Sunday, February 23, 2014

Time to get this plumbing project back on track

The cold and snowy weather has kept us from working on replacing the water heater and the water lines. Saturday, we headed off to do some much-needed errands, the first of which was to visit Defender Marine in Waterford and get the new water heater.

Before we left, we downloaded the manual for the water heater we had selected and found that the manufacturer recommended installing a magnesium anode in place of the supplied drain faucet. Defender had that too, so we shelled out $22.95 for it. The water heater itself is a Seaward Model F-600, 6-gallon capacity, which is the same size as our old heater. That cost $274.99. We also needed a check valve for the cold water input line and Defender had a simple Shurflo check valve that will do nicely for $15.99.  $333.91 later we left with all of our stuff.

This water heater is actually round but is enclosed in this galvanized rectangular steel box. We think we'll prime and paint the box before we install it.

The two 1/2" nipples shown at the bottom of the water heater are for heating the water underway by routing engine coolant through. We had these on our old water heater and never connected them.  After completely re-plumbing the cooling systems on both engines a couple of years ago and rebuilding the heat exchangers with excellent results, we'll just cap those nipples and call it a day.

Besides, even after a seven hour cruise with our old water heater, we always had hot water. Better to leave well enough alone, as far as we're concerned.

Sunday: Getting the remainder of what we need
By this winter's standards, Sunday was an almost tropical day: no coat and we didn't even turn the electric heater on. First step was to buy the 1/2-inch reinforced water hose. We measured first and it looked like approximately 24 feet for the hot and cold water lines so we bought a 50 ft. box of Trident hose from the boat yard at $1.50 per foot.  

When we take the old hoses and fittings out, we may be able to re-purpose some of the hose clamps but just to make sure, we bought a box of a dozen Number 4 stainless hose clamps. We probably own 200 or more stainless hose clamps (but none this small) and we never knew they were numbered by size. One more thing we learned doing a winter project.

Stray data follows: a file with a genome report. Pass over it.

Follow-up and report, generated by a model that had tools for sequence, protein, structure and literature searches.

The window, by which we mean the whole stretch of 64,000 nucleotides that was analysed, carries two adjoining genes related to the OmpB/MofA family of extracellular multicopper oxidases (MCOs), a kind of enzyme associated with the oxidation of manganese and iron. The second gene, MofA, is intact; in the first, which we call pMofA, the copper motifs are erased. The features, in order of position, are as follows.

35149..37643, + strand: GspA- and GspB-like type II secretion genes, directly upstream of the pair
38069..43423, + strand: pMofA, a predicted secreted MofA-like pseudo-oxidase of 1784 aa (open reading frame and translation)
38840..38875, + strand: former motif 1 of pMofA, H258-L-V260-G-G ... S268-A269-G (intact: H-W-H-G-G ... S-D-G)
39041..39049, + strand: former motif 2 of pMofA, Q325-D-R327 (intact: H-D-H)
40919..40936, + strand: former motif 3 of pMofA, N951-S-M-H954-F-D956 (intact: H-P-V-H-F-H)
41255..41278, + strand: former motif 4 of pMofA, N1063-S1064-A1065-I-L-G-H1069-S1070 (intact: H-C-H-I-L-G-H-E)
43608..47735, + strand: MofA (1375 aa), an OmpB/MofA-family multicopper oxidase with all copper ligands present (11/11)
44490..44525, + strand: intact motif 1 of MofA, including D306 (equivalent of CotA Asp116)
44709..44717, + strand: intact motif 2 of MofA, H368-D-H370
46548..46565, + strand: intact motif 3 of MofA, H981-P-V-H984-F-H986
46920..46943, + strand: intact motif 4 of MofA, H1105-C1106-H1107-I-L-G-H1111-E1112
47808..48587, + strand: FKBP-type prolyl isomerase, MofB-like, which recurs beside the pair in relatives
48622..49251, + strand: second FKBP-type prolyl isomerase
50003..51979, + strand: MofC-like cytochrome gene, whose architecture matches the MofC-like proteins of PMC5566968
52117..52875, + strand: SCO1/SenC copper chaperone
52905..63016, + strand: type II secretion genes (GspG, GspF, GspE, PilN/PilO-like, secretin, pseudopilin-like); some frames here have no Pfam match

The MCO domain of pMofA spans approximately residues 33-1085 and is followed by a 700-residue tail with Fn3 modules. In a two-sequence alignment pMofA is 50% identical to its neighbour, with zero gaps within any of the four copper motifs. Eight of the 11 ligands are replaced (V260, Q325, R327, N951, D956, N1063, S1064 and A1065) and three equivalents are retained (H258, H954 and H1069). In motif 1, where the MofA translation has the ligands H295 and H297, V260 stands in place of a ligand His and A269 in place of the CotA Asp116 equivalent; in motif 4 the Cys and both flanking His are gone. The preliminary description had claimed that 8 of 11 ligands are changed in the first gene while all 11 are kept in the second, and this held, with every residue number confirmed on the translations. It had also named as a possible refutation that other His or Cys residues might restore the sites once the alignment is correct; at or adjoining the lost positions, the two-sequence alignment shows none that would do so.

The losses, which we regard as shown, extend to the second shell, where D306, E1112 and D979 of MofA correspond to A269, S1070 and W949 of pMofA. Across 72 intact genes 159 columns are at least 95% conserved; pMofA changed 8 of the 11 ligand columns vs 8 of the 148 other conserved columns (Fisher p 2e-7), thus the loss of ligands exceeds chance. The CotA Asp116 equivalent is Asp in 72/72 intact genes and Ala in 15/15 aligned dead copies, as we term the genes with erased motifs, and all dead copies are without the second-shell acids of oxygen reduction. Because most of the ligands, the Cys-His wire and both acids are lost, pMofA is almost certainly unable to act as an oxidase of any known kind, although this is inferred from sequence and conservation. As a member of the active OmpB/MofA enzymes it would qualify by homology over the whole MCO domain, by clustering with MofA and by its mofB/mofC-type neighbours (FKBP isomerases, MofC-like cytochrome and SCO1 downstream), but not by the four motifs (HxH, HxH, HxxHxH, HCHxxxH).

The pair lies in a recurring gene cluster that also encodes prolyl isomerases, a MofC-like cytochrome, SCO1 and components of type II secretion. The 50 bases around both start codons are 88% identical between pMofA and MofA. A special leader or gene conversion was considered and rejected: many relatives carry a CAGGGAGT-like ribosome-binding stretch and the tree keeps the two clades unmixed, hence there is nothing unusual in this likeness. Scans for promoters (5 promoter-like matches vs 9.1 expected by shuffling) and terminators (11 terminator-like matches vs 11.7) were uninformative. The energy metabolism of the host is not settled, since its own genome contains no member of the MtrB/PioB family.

The "T" and "L" fittings we had ordered were there so we packed up our stuff and waded through the mud/snow and took it all back to the boat.

The first part of the hose installation will be from the engine space to the storage area that is below and just aft of the lower steering station. We took everything out of that storage space and removed the access panel. That's where we will pull the hot and cold water lines up.

We'll have to drill two 3/4-inch holes next to that opening for the two water hoses, then route them to the right towards the galley. Sounds easy but it will probably be a pain in the butt.

We opened the box the Tident water hose came in and found that the hose was tightly coiled and a stiff as hell. We'll never be able to fish even a 12 ft. section of it that far without relaxing that hose. We brought the home were we will stretch it out this week in room temperature so we can work with it.

We spent some quality time down behind the engines to identify all the hoses and how they are routed. It should look a lot neater once we finish this.

We documented our Saturday "day off" going to Defender with some video. Once we left there, we visited our summer marina and ran into our dockmate  Bob Caise, who kept is boat in the water this year. He was clearing snow from his boat. Norwich looks wintery but still one of our favorite places.

The end of the video is our usual shot of the Connecticut River. Still lots of ice, but it is rapidly breaking up.

Monday, February 17, 2014

The snow is making us a little nuts

Here it is February 15 and we haven't accomplished much in the way of boat work. If you know us, you're probably as sick of the snow as we are, but we just have to bitch a little.

This is how bad it is: We often fire up our little Acer boat computer and just look at the charts. Today we turned it on so it could suck up the never-ending Windows 7 updates (there were 17) and charge its battery. A couple of weeks ago, we spent a cocktail hour planning a route from Norwich (where we dock in the summer) to New London Ledge Light. We'll probably never use it but at least it had something to do with our boat.